Mass (kg)
x (m) 100
18 300
37 500
45 700
48 900
51 i. The data are plotted on the axes below. Sketch a bestfit curve for these data points. ii. Using your bestfit curve, determine the distance x traveled by the projectile if 250 kg is placed in
the counterweight bucket.
Copyright © 2003 by College Entrance Examination Board. All rights reserved.
Available to AP professionals at apcentral.collegeboard.com and to
students and parents at www.collegeboard.com/apstudents. GO ON TO THE NEXT PAGE.
7 2003 AP® PHYSICS C: MECHANICS FREERESPONSE QUESTIONS
(b) The students assume that the mass of the rotating arm, the cup, and the counterweight bucket can be neglected.
With this assumption, they develop a theoretical model for x as a function of the counterweight mass using the
relationship x = u x t , where u x is the horizontal velocity of the projectile as it leaves the cup and t is the time
after launch.
i. How many seconds after leaving the cup will the projectile strike the ground?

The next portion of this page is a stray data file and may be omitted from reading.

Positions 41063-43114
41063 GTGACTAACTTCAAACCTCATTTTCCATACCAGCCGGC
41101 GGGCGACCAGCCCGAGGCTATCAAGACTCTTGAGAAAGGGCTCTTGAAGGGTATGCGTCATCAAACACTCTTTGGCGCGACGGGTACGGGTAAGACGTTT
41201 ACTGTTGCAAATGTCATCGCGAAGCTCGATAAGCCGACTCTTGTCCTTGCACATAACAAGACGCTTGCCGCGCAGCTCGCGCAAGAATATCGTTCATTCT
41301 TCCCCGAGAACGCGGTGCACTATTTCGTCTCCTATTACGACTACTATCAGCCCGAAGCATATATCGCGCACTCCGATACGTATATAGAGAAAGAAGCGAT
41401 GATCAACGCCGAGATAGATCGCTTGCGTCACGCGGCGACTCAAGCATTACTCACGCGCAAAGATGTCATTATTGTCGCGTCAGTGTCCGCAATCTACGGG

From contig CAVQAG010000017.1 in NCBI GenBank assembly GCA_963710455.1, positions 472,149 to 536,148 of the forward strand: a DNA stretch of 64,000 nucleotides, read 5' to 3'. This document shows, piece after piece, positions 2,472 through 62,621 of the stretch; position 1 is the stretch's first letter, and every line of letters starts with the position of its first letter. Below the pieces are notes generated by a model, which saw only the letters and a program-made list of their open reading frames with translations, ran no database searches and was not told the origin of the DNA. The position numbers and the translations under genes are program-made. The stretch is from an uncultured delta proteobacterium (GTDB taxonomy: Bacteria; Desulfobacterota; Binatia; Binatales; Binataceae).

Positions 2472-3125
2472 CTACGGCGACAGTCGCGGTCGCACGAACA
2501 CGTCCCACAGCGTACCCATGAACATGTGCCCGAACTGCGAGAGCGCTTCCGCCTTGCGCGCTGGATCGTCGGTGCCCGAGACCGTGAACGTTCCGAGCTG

ii. Derive the equation that describes the gravitational potential energy of the system relative to the ground
when in the position shown in Figure 1, assuming the mass in the counterweight bucket is M.
iii. Derive the equation for the velocity of the projectile as it leaves the cup, as shown in Figure 2.
(c)
i. Complete the theoretical model by writing the relationship for x as a function of the counterweight mass
using the results from (b)i and (b)iii.
ii. Compare the experimental and theoretical values of x for a counterweight bucket mass of 300 kg. Offer a
reason for any difference. END OF SECTION II, MECHANICS Copyright © 2003 by College Entrance Examination Board. All rights reserved.
Available to AP professionals at apcentral.collegeboard.com and to
students and parents at www.collegeboard.com/apstudents. 8 ...
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This note was uploaded on 08/05/2009 for the course PHYS 101 taught by Professor Reich during the Spring '08 term at Johns Hopkins.
 Spring '08
 Reich
 Physics, mechanics